Typically, charitable donations are either made through:
- Gift Aid
- Directly from your wages or pension through a Payroll Giving scheme
- Land, property or shares
- Your will
This tax relief means that if you donated £1,000 to a registered charity last year, and you’re a higher rate taxpayer, you can claim back £250 of that donation on your Self Assessment form.
Charitable tax relief rules also apply to sole traders and partnerships, but not for donations made on behalf of limited companies.
3. Mileage costs
Do you travel as part of your business? You should be claiming a mileage allowance as part of your Self Assessment return.
If you drive a car or van for work, you can claim 45p off your tax bill for every mile travelled up to 10,000 miles. After that, the amount you can claim is reduced to 25p.
For example, if you drove 11,000 business miles last year, you’re allowed to claim £4,500 in Self Assessment expenses for your first 10,000 miles, and £250 for the other 1,000 miles – leaving you with the ability to claim £4,750.
Motorcycles are slightly less, at a flat rate of 24p per mile when using simplified expenses. You can also claim 20p per business mile for bicycles.
While you’re thinking about mileage permitted, it’s also worth looking at the other travel expenses you can claim on your Self Assessment return.
Allowable business expenses include:
- Vehicle insurance
- Repairs and servicing
- Hire charges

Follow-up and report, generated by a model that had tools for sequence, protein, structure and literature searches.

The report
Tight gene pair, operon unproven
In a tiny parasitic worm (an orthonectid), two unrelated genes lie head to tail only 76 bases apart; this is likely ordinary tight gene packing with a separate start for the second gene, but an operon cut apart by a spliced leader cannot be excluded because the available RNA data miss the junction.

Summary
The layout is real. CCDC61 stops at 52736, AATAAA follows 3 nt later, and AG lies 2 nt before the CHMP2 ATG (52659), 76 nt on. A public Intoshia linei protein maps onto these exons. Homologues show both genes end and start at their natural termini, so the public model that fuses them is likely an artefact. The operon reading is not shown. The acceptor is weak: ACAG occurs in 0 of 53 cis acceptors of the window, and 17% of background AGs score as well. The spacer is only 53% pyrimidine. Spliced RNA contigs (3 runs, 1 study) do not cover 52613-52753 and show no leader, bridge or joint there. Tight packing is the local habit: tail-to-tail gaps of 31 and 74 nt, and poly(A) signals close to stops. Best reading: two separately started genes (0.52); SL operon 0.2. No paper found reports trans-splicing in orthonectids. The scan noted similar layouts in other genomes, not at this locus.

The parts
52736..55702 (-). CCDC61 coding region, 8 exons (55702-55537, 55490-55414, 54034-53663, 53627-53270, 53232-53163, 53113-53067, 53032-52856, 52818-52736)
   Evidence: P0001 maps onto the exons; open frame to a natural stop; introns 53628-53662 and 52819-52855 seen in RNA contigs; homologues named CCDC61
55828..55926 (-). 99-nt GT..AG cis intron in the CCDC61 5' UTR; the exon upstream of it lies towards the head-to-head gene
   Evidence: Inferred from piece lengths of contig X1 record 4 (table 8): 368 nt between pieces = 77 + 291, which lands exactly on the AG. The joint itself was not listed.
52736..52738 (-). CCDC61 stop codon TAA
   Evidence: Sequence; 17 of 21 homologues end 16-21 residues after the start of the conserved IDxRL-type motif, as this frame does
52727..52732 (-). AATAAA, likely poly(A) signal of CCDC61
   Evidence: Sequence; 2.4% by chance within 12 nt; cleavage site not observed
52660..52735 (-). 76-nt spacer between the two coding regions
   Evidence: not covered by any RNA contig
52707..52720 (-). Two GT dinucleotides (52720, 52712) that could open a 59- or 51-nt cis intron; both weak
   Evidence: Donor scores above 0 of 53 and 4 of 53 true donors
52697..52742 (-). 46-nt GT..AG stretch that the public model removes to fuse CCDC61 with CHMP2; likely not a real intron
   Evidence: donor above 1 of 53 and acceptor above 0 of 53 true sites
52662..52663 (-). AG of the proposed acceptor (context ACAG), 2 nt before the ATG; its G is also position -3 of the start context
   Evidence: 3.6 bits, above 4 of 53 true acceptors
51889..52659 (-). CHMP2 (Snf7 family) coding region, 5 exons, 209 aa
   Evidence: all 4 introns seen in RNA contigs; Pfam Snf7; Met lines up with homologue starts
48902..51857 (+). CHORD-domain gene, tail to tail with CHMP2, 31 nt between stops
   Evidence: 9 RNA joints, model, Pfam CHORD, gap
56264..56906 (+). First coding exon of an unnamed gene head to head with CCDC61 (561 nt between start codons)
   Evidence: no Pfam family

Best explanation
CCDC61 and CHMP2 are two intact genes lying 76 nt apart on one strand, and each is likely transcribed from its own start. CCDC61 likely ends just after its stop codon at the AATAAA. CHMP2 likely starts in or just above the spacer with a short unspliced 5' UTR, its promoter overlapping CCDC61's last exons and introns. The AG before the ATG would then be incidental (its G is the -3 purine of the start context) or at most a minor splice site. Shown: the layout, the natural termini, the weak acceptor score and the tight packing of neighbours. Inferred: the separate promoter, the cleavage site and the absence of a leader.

- Vehicle licence fees
- Breakdown cover
- Train, bus, air, and taxi fares
- Hotel rooms
- Meals on overnight business trips
That being said, it’s worth noting you cannot claim for non-business driving or travel costs, fines you incur while driving, or any travel between your home and your regular place of work.
4. Legal and financial costs
When calculating your Self Assessment expenses, you should also include any costs associated with hiring an accountant, solicitor, surveyor, architect, or any other professional you’ve paid to assist you.
Likewise, you can claim costs for professional indemnity insurance premiums – as well as a range of other bank and insurance costs. Allowable expenses include:
- Bank, overdraft and credit card charges
- Interest on bank and business loans
- Hire purchase interest
- Leasing payments
- Alternative finance payments such as Islamic finance
If you use cash basis accounting, be aware that you are only allowed to claim up to £500 in interest and bank charges on your Self Assessment form.
You’re not allowed to claim any legal costs associated with buying property or machinery, although if you use traditional accounting, you can claim for them as capital allowances instead. Similar to travel expenses, you are also not permitted to claim any legal or financial costs you’ve been forced to incur by breaking the law.